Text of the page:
Saturday, May 1, 2010

The Burnt Part Boys: Earnestness is Not Nearly Enough

The best thing about The Burnt Part Boys, now in previews at the Playwrights Horizons, is its evocative title. Unfortunately, the musical itself, which has been in development for at least four years, has little to offer by way of script, lyrics, or music—kind of a difficult set of obstacles to overcome.

It’s not that wonderful theater can’t happen with a modicum of plot. Waiting for Godot comes to mind, as does the current production of The Aliens at the Rattlestick Playwrights Theater. But both Samuel Beckett’s classic play and Annie Baker’s contemporary one engage an audience because the characters are intensely engaging, as are the words that come out of their mouths courtesy of the playwrights.

In The Burnt Part Boys, however, playwright Mariana Elder and Lyricist Nathan Tysen have not succeeded. The storyline, while earnest as can be, just doesn’t make for interesting theater. Neither Elder nor Tysen shows a mastery of language to convincingly express the thoughts of the characters, a group of teenagers, one of whom leads the others in a quest to dynamite a coalmine where two of their fathers were killed a decade earlier. [The title refers to the name the locals started calling the mine after the disaster, which occurred in 1952 in West Virginia coal country.]

All of Act I and much of Act II concerns the long journey to the mine site, which is about to be reopened despite a pledge by the owner to keep it permanently shut in memorial to those who died there. So you do have the makings of a quest story or a bildungsroman, in which you might expect great truths to be revealed and friendships to be either cemented or destroyed. Yet little that unfolds in The Burnt Part Boys leaves the realm of the mundane.

I don’t want to beat the show to death, yet there is little to praise. What I can offer goes to the minimalist set by designer Brian Prather, using ropes and ladders to portray the rugged terrain, and the score by Chris Miller that shows some potential in the modernist style of Adam Guettel or Michael John LaChiusa.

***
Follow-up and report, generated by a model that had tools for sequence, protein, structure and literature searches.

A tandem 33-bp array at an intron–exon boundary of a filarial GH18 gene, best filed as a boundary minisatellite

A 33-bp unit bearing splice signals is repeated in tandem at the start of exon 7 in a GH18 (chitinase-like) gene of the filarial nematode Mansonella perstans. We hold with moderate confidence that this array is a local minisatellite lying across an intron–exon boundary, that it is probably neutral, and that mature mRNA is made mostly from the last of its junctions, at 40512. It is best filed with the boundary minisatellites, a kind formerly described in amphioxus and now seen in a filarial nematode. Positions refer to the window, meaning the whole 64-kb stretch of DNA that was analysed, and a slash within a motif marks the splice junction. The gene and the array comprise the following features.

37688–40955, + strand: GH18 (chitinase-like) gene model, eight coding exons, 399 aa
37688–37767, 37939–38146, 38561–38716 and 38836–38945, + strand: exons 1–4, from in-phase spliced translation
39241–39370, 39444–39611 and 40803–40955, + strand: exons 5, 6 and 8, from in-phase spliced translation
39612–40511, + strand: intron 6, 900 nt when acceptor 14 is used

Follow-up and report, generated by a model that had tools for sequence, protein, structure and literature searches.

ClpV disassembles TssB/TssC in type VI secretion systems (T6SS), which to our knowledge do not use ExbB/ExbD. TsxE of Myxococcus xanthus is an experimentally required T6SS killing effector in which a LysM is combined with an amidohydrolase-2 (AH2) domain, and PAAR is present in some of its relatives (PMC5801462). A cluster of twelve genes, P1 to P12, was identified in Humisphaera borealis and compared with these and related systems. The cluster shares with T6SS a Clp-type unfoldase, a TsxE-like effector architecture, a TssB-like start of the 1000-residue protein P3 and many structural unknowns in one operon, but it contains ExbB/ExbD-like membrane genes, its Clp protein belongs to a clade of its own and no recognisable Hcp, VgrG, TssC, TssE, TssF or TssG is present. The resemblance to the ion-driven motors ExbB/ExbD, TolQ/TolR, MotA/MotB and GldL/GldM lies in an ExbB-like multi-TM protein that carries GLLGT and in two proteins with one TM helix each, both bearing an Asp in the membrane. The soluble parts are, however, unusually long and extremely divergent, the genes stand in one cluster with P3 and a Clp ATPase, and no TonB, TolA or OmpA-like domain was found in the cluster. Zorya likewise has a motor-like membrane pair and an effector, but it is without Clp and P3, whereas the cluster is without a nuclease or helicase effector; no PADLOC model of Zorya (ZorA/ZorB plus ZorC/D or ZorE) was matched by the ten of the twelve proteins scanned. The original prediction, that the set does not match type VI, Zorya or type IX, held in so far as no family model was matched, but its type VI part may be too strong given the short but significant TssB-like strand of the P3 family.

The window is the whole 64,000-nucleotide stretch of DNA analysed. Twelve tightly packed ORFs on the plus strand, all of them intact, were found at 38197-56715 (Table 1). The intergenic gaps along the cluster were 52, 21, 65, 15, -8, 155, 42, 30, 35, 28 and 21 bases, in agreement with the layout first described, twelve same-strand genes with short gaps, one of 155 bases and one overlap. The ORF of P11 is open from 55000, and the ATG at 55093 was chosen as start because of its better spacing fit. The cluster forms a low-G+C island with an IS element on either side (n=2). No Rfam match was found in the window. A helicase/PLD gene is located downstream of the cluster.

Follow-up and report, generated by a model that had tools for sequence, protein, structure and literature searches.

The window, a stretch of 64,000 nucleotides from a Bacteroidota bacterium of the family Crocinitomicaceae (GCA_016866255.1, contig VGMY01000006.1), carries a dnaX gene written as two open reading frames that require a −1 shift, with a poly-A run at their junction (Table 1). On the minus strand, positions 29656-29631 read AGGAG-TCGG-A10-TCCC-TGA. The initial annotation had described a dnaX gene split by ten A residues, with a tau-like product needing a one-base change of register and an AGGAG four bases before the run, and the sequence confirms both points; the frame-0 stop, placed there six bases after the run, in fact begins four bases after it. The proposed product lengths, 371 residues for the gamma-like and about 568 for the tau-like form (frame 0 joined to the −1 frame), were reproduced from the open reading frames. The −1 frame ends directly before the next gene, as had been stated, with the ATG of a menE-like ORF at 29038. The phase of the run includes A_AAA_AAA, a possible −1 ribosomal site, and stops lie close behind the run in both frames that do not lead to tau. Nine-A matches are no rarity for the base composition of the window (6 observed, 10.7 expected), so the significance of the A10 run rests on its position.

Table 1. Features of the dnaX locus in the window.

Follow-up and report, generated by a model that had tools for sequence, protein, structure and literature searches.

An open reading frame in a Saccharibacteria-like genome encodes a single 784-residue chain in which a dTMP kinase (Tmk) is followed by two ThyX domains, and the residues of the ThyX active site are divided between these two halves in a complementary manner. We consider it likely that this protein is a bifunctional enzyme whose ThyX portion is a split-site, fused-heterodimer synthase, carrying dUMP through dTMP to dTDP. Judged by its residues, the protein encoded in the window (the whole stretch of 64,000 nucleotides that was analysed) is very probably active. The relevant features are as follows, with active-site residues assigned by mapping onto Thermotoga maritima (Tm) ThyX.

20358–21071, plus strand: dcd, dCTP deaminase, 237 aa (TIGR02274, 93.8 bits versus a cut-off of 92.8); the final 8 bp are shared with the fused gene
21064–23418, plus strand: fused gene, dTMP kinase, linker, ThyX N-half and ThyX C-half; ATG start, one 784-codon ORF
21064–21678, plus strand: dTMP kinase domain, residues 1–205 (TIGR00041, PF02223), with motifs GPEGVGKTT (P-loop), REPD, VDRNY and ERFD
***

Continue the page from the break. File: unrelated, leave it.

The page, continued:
As for the performances, let’s just say that even talented thirty-something actors who look and act like thirty-something characters should not be playing 18-year-olds, and characters living in West Virginia coal mining country in 1962 should talk like that’s where and when they are living. In the case of The Burnt Part Boys, I absolve all of the actors and hope they go on to find roles that allow them to display their talent to better advantage.

Feel free to tell your friends about this blog, and to share your own theater stories by posting a comment.


  1. I don't understand or agree with your review at all.

  2. Not as bad as you said, but I did have some problems with the show; too often it seemed like the writers were taking us to montage-land with the songs and not allowing us to learn anything new for 3-5 minutes at a time. It could have been 15 minutes shorter without losing an ounce of substance. That said, the music was very interesting and the lyrics often well-crafted without seeming too "written". The book was often snappy. Cool set design. Ultimately, the ending needs some work; the writing paints the show into a corner where almost no ending could be satisfying and then goes the way of the Jodie Foster movie "Contact". *SPOIILER SPOIILER SPOILER* if they had died in the mine, it would have made for a confusing moral, but the fact that they lived is just as confusing in terms of what we're supposed to think as we exit the theatre.